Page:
I received an article in an email today. It talks about a June 2004 report from the John Wayne Cancer Institute in California. Here is the first paragraph:
"Needle biopsies, widely used and accepted as a safe and reliable test for cancer, may not be safe after all. The concern is that the technique may accidentally cause malignant cells to break away from a tumor, allowing it to spread to other areas of the body. And according to a study from the John Wayne Cancer Institute, it appears that a needle biopsy may increase the spread of cancer by 50 percent compared to patients who received excisional biopsies, also known as lumpectomies."
Another article to check out on this subject states the following:
"The report's authors state: "Manipulation of an intact tumor by FNA or large-gauge needle core biopsy is associated with an increase in the incidence of SN metastases, perhaps due in part to the mechanical disruption of the tumor by the needle." This is a discreet way of saying that needle biopsy, an increasingly common procedure, was itself responsible for spreading the cancer, although the authors take pains to qualify this disturbing conclusion by suggesting that not every cluster of cancer cells found in the regional lymph nodes will inevitably end up developing into clinically apparent cancer.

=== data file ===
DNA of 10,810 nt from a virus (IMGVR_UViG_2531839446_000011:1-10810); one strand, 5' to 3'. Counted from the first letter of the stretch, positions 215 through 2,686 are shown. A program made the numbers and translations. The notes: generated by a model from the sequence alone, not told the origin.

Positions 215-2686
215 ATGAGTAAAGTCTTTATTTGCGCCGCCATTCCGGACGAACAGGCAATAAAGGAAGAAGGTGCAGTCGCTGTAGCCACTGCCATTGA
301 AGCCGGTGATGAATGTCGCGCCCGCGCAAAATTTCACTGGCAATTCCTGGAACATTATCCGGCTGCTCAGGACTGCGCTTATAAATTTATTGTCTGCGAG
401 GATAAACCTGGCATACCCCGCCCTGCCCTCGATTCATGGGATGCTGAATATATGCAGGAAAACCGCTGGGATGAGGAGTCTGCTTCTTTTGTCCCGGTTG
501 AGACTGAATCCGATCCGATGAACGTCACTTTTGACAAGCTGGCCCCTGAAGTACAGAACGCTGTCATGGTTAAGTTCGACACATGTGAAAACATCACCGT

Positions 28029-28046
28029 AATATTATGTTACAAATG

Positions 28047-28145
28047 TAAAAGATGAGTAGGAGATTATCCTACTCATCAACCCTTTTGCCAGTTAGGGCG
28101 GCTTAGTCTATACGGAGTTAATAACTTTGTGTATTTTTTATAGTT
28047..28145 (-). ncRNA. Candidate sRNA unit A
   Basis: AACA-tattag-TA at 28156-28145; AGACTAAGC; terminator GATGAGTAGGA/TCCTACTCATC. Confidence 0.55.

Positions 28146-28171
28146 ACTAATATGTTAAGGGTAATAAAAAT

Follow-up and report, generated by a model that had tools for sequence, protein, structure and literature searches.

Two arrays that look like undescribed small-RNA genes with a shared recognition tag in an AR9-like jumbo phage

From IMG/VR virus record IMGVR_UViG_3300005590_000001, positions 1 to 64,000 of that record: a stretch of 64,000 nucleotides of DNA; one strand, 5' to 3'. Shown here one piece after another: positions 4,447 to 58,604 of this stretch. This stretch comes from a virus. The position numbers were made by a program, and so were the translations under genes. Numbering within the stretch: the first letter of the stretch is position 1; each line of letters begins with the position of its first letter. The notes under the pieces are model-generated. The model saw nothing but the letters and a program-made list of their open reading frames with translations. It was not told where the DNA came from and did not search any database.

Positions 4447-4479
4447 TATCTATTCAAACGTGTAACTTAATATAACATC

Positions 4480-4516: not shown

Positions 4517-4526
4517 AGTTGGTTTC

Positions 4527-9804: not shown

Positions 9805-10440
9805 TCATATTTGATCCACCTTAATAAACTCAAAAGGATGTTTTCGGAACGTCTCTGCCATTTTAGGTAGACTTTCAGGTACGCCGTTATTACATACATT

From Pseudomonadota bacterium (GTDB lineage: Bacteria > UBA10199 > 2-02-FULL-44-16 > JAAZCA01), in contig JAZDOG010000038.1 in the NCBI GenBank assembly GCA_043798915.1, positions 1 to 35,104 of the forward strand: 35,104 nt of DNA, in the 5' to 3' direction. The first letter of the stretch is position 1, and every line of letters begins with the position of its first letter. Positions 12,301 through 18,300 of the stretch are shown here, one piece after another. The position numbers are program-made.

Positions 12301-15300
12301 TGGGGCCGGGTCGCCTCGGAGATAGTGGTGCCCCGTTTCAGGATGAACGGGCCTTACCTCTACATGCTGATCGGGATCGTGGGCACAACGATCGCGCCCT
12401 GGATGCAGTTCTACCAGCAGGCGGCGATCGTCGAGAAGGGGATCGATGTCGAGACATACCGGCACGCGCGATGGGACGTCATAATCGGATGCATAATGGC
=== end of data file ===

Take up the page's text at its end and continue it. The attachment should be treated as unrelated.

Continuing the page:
The implications of this study are vast, since patients who are found to have cancer in their lymph nodes are automatically classified at a higher stage and therefore face much more extensive treatment than those who have small tumors that are limited to the breast."
I posted about a core biopsy I had in August. I had read articles about the possible spreading of cells before this happened. My mother died from breast cancer. She had a biopsy and she had a mastectomy. Her lymph nodes were clear. After five years she thought she was pretty safe. But it had gone to her liver. Whether something had escaped from the biopsy we will never know.
When I was laying on the table trying to make a quick decision on a core biopsy I asked the doctor about the chances of it spreading from a biopsy if it turned out to be malignant. I seem to remember some kind of vague answer that I wasn't satisfied with, but because I was in a state of shock and she had said it was probably nothing...and I wanted to get it over with quickly, I went ahead with it.
I would NEVER do that again. Why take that risk if you don't have to? It makes perfect sense that a biopsy could spread the cells, doesn't it?